An increased heart rate during a workout is normal, and just because it hits a certain number doesnt mean youre at risk for any complications.
Whats most important is learning to understand your healthy heart rate range and how that interacts with the exercises you do most frequently.
If youre feeling good after a heart-pumping workout and your regular fitness expectations are in line, youre probably fine. But, if you notice irregularities, pain or anything that doesnt fit into your normal workout, you should contact a doctor.
What Should My Heart Rate Be When Exercising
- 25 x 0.50 = 12.5
- 25 x 0.85 = 21.25 .
To perform a cardio respiratory workout, your heart rate should be 60% to 80% of your maximum heart rate. You can use a basic formula to determine your maximum heart rate for safe exercise. Subtract your age from 220. For example, a 30-year-old has a maximum heart rate of 220-30 = 190. His target heart rate for cardio respiratory exercise would then be 114-152 . It is recommended that you consult with your physician before starting cardio respiratory activity if you havent regularly exercised before.
Your exercising heart rate depends on the intensity that you wish to work. First you must determine your maximum heart rate, which is calculated by subtraction your age from 220. . To determine your target heart rate take this number and multiple it by the intensity percentage at which you wish to work. For example, if you are 40 years old and wish to work at a moderate intensity of 70% the formula would look like this:
* 70% = a target heart rate of 126 bpm.
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What Your Heart Rate Is Telling You
Your pulse, both at rest and during exercise, can reveal your risk for heart attack and your aerobic capacity.
Your grandmother may have referred to your heart as “your ticker,” but that nickname has proved to be a misnomer. A healthy heart doesn’t beat with the regularity of clockwork. It speeds up and slows down to accommodate your changing need for oxygen as your activities vary throughout the day. What is a “normal” heart rate varies from person to person. However, an unusually high resting heart rate or low maximum heart rate may signify an increased risk of heart attack and death.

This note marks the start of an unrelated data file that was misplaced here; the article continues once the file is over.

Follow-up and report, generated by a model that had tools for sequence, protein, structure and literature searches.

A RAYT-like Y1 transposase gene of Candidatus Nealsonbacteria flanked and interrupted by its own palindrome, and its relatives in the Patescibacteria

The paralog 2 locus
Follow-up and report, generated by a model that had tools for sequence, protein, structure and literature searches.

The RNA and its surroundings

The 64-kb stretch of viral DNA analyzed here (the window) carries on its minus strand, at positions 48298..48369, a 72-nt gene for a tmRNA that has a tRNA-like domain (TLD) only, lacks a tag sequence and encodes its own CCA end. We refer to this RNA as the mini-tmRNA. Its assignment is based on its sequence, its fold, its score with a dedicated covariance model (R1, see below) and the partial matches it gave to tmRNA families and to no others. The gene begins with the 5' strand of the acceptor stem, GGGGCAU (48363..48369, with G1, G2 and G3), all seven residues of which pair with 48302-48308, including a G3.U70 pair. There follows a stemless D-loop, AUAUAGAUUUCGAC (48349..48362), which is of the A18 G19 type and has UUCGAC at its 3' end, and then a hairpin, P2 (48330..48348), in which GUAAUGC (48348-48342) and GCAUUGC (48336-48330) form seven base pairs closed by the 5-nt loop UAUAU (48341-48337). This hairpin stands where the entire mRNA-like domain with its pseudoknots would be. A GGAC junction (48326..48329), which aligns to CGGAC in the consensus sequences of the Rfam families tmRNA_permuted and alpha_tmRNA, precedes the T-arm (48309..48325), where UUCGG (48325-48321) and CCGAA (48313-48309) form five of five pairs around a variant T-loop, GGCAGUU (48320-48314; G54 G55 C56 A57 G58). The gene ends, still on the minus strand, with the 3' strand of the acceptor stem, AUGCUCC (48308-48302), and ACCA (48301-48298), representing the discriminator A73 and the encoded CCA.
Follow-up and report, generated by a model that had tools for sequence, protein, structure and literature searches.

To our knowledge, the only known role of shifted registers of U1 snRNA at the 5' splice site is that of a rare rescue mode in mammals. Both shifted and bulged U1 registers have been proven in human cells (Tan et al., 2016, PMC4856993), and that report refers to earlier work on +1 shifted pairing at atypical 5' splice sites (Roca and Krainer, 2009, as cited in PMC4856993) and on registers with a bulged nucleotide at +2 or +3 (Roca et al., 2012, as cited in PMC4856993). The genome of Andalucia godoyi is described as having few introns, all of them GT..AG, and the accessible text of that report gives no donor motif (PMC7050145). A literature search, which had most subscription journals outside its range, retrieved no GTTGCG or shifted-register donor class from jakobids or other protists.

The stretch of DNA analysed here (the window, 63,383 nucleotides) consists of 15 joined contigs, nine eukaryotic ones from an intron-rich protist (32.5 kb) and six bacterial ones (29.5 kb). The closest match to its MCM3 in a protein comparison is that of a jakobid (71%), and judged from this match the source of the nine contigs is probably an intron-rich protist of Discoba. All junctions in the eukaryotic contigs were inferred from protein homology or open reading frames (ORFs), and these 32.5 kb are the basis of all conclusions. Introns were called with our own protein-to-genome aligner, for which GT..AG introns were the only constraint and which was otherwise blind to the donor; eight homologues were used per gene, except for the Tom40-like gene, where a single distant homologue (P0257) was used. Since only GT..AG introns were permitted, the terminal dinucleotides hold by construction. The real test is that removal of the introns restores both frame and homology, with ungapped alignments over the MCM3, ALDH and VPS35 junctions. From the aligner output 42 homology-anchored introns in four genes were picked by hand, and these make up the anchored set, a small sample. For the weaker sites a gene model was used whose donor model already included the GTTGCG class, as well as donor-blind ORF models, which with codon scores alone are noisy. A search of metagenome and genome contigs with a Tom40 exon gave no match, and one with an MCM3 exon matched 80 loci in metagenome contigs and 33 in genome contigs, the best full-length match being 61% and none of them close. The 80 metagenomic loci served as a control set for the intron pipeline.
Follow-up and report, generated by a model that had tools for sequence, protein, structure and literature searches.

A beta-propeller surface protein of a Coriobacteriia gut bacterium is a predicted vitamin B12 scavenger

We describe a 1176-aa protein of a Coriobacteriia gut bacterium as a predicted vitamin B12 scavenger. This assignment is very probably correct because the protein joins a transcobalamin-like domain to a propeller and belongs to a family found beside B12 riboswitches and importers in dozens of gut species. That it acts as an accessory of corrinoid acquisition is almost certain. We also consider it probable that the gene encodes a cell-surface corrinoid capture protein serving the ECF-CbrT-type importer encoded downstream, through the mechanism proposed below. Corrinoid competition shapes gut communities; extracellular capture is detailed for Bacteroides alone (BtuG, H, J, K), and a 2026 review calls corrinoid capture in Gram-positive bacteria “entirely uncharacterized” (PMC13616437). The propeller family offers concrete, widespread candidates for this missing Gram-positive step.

One simple thing people can do is to check their resting heart rate. It’s a fairly easy to do and having the information can help down the road. It’s a good idea to take your pulse occasionally to get a sense of what’s normal for you and to identify unusual changes in rate or regularity that may warrant medical attention.
Charts Of Normal Resting And Exercising Heart Rate
The heart is an organ located just behind and slightly to the left of the breastbone, and pumps blood through a network of veins and arteries known as the circulatory system. The right atrium is sent blood from the veins, and delivers it to the right ventricle. It’s then pumped into the lungs where it is oxygenated. The left atrium is sent oxygen enriched blood from the lungs and delivers it to the left ventricle, where it’s then pumped throughout the body, and the ventricular contractions create blood pressure.
A pulse is the beating of the heart as it’s felt through the walls of an artery, such as the radial artery at the wrist. Pulse rates can also be felt and measured at the carotid artery located on the side of the neck, the temporal artery at the temple, or the femoral artery on the anterior side of the hip, and a chart showing normal heart rate can be used to check on your heart rate.
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What Is A Normal Resting Heart Rate
According to Mayo Clinic, a normal resting heart rate for healthy adults should range from 60 to 100 beats per minute . Experts acknowledge that a lower resting heart rate implies that your heart function is more efficient and has better cardiovascular fitness . You will find that a seasoned athlete can have a normal resting heart rate of around 40 beats per minute .
Keep in mind that other factors besides your fitness and activity levels affect your heart rate. They include your age, body size, emotions, medications, body position, and lifestyle habits like smoking .
An unusually high normal resting heart rate indicates an underlying problem. Knowing this, consult your doctor if you have a resting heart rate that consistently reads 100 beats per minute . This rapid heart rate is known as tachycardia.